The literature search yielded 48 documents mentioning nurses or nursing care at SCSs (see Table 1). Sixty-six percent of the articles appraised sites in Canada. The other locations were Europe (20%), Australia (9%), and multiple continents (4%). Documents varied widely in the depth of information provided on nursing roles. All but three documents mentioned the presence of nurses at SCSs; two articles that did not were descriptions of nurse activism (Association of Registered Nurses of British Columbia, 2016; Gold, 2003), and the third employed a nurse to carry out part of the research (Lloyd-Smith et al., 2008). Three of the documents mentioned that SCSs were staffed by nurses but did not describe their roles further (Dubois-Arber et al., 2008; Hedrich, 2004; Kimber et al., 2005). Other documents provided more detailed descriptions, but in general, these were incidental to the focus of the article. A minority of documents (n = 8), all Canadian, focused specifically on SCS nursing roles. There was only one article, Lightfoot et al. (2009), that had the express purpose of thoroughly describing nursing roles at an SCS. Several studies explicitly assessed aspects of nursing care at SCSs (Lloyd-Smith et al., 2009, 2010; W. Small et al., 2008; R. A. Wood et al., 2008). Two documents described nursing activities in relation to SCSs in a narrative fashion (Gold, 2003; R. A. Wood, Zettel, & Stewart, 2003). One article was an issues brief by the Association of Registered Nurses of British Columbia (2016).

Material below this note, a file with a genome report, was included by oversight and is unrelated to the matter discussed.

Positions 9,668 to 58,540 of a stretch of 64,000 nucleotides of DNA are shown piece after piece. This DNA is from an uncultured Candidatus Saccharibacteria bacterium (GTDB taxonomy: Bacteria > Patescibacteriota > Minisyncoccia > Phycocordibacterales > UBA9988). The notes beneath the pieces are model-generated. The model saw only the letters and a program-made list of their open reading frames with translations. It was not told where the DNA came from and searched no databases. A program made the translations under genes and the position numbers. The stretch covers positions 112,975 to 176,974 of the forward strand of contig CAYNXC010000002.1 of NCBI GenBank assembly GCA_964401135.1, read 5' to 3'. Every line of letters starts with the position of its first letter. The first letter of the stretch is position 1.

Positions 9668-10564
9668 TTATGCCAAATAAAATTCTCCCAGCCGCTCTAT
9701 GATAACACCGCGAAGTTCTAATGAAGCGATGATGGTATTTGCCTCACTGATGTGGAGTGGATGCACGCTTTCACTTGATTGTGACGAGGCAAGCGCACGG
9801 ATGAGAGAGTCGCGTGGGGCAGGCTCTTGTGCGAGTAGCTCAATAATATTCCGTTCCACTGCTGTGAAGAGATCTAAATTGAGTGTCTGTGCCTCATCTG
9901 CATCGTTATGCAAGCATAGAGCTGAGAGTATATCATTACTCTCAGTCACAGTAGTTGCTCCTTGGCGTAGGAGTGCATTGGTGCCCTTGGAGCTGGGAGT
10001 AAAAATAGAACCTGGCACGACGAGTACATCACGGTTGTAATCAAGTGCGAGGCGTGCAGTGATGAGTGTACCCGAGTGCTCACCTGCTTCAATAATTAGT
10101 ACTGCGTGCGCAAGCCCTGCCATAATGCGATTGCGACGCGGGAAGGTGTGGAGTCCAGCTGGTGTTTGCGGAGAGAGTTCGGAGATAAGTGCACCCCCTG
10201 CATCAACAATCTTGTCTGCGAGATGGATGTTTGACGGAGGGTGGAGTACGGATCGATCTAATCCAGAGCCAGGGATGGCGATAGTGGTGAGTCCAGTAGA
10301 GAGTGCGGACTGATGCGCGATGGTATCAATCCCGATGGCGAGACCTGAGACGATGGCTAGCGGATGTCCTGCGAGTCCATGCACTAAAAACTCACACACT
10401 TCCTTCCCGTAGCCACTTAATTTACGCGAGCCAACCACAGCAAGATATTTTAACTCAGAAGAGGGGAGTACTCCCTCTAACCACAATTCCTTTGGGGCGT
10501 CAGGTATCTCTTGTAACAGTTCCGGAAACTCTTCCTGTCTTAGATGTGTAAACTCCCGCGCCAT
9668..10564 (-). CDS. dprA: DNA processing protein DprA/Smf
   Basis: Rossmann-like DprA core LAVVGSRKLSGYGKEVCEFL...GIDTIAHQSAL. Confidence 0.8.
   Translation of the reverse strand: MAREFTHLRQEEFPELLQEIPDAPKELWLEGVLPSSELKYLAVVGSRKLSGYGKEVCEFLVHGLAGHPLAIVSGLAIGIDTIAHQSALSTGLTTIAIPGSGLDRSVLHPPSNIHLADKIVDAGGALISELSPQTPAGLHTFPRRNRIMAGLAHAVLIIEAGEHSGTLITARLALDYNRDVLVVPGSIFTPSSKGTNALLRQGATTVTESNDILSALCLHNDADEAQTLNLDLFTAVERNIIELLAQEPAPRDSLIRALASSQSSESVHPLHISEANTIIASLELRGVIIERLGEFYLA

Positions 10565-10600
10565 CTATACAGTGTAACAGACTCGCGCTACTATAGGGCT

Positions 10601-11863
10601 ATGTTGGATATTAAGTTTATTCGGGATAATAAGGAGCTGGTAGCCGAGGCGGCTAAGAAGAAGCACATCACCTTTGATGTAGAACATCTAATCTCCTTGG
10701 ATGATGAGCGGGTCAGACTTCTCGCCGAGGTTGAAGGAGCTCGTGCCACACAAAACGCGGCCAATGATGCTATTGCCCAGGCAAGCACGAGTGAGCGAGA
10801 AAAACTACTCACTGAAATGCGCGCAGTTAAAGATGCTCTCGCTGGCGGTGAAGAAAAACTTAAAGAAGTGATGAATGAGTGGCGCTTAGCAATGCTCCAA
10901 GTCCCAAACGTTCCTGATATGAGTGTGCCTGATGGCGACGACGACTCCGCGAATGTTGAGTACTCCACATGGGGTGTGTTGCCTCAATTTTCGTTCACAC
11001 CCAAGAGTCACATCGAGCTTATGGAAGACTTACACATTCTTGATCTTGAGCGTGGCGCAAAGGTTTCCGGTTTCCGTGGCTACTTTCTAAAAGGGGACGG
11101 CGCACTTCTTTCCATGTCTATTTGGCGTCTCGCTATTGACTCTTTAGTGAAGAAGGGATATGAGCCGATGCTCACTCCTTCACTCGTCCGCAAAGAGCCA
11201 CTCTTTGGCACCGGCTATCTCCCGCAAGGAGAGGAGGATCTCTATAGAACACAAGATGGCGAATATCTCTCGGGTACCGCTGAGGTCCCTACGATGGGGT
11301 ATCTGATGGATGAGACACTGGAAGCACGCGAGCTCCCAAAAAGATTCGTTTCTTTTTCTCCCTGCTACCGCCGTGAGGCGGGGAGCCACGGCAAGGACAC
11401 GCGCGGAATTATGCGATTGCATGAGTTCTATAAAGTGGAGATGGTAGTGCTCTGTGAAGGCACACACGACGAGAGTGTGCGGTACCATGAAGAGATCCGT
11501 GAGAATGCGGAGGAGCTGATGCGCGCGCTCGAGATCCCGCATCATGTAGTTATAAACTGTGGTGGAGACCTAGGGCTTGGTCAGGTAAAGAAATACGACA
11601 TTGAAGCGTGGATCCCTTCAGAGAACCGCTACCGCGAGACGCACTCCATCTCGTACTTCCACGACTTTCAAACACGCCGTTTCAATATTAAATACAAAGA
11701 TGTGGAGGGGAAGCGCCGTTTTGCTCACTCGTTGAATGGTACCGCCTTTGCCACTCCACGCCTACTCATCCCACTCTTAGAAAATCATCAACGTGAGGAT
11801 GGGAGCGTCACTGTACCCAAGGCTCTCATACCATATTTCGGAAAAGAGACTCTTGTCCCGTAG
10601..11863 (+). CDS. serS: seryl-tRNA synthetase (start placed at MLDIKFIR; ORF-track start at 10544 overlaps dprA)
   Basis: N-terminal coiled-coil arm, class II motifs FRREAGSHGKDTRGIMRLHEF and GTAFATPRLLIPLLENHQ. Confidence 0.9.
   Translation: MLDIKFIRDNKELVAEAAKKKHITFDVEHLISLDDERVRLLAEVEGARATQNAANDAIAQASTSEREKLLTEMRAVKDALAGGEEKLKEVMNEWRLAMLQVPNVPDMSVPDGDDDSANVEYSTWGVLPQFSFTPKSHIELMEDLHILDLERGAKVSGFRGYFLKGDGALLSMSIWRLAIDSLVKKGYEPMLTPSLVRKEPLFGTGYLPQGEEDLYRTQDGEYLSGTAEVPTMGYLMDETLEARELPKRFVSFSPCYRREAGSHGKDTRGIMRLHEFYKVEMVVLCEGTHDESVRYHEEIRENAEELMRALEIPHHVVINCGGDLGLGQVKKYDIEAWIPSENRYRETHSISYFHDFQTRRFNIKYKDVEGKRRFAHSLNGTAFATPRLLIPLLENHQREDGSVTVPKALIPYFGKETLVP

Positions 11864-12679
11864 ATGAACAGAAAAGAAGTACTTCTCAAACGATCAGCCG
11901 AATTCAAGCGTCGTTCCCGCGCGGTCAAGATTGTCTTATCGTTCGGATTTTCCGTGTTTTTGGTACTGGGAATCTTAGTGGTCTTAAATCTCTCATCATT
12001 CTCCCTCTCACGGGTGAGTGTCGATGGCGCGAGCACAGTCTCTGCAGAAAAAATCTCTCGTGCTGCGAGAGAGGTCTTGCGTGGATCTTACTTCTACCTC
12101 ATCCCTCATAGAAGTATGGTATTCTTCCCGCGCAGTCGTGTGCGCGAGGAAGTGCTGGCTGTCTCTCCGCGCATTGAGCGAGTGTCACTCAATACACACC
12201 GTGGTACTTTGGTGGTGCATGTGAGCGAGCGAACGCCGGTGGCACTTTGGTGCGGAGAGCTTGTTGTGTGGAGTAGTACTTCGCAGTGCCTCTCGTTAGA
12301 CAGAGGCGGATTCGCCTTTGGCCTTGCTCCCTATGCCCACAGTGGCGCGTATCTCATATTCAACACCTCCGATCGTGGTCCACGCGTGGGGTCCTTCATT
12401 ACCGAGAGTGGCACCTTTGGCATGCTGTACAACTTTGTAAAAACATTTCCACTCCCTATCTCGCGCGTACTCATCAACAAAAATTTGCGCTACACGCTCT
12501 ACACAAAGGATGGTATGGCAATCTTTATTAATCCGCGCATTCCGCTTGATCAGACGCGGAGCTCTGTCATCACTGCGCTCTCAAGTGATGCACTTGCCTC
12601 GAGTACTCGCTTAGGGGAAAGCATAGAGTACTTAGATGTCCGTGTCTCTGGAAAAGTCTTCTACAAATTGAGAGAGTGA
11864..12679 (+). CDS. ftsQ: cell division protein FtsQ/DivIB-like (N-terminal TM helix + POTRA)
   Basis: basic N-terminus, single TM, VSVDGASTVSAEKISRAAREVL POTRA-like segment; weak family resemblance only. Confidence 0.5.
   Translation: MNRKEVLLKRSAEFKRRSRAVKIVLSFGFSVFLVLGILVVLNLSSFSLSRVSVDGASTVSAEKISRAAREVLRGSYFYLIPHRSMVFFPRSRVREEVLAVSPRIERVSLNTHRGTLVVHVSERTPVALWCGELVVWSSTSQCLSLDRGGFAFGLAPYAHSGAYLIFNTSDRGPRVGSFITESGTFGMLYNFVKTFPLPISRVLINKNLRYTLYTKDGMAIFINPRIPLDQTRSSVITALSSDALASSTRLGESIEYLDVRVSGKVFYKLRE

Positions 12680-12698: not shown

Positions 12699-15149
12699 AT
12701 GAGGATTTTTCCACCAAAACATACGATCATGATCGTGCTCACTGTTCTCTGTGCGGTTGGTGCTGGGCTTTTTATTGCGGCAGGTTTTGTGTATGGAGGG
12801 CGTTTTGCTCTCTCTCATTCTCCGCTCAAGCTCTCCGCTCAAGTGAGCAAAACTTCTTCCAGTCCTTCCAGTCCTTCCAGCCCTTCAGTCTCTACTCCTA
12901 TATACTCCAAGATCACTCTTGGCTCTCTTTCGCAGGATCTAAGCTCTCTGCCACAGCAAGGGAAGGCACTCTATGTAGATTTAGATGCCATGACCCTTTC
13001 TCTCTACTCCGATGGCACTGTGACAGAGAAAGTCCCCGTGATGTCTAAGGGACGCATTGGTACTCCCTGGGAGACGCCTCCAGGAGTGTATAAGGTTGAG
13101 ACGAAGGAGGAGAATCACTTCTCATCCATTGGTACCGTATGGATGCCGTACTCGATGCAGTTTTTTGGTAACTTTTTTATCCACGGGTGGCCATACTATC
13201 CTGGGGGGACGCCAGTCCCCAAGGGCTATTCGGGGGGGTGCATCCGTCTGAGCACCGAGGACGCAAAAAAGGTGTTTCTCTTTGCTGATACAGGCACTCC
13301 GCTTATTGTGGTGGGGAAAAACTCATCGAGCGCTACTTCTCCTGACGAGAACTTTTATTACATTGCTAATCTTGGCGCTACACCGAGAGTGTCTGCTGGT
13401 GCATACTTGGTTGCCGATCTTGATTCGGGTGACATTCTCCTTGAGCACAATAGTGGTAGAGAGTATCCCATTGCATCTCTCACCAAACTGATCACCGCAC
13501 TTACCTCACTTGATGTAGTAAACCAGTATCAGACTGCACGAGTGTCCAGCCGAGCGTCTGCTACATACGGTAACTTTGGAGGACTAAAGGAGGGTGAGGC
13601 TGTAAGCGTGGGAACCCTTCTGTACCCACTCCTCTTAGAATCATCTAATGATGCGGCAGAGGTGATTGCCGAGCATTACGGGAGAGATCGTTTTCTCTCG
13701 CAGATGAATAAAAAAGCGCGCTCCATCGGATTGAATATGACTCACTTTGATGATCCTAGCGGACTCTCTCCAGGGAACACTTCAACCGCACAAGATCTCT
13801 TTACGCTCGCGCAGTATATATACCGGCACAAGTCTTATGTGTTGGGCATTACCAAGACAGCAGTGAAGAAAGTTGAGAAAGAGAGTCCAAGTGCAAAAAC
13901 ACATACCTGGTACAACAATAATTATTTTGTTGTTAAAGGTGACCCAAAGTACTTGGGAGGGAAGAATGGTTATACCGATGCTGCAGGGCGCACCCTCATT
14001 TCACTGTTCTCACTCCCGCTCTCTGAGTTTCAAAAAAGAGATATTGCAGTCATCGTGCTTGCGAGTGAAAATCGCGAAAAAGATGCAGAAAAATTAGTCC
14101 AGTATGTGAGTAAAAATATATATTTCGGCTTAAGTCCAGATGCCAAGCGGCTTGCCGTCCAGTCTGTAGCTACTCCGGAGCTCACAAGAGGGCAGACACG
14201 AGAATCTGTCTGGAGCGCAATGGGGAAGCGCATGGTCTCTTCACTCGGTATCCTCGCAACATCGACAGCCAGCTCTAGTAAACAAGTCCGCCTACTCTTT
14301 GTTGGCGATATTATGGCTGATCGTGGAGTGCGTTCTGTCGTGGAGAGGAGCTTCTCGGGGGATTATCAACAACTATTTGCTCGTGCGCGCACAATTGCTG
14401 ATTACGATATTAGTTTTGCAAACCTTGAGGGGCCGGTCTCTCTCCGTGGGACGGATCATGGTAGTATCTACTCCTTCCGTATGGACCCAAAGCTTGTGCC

Table 1 - Click to enlarge in new windowTABLE 1

Nursing Roles

We identified 11 roles encompassing a breadth of nursing interventions, from common activities such as wound care to less common roles such as activism. Evidence for each of the roles varied; most documents stated that nurses were responsible for reversing overdoses, for example, whereas only a handful of documents discussed activism. The roles support each of the three analytical themes.


The Primary Aim of SCS Nursing Care Is to Reduce Morbidity and Mortality

The purpose of most SCSs is to save lives and reduce injury (Woods, 2014). Nurses carry out four roles related to this focus: observing injection and responding to overdose, providing safer injection education, providing primary nursing care, and creating a safer environment and respite.


Observing injection and responding to overdose

SCS nurses observe service users as they prepare and inject drugs (E. Wood et al., 2005), monitor them afterward, and respond in the event of overdose or toxicity. In Europe (excluding the Netherlands), 84% of SCSs employ nurses (Woods, 2014). They, along with physicians, are involved in most overdose responses (Hedrich, 2004). SCSs in Australia and Canada also employ nurses to observe injections and respond to emergencies (KPMG, 2010; Lightfoot et al., 2009).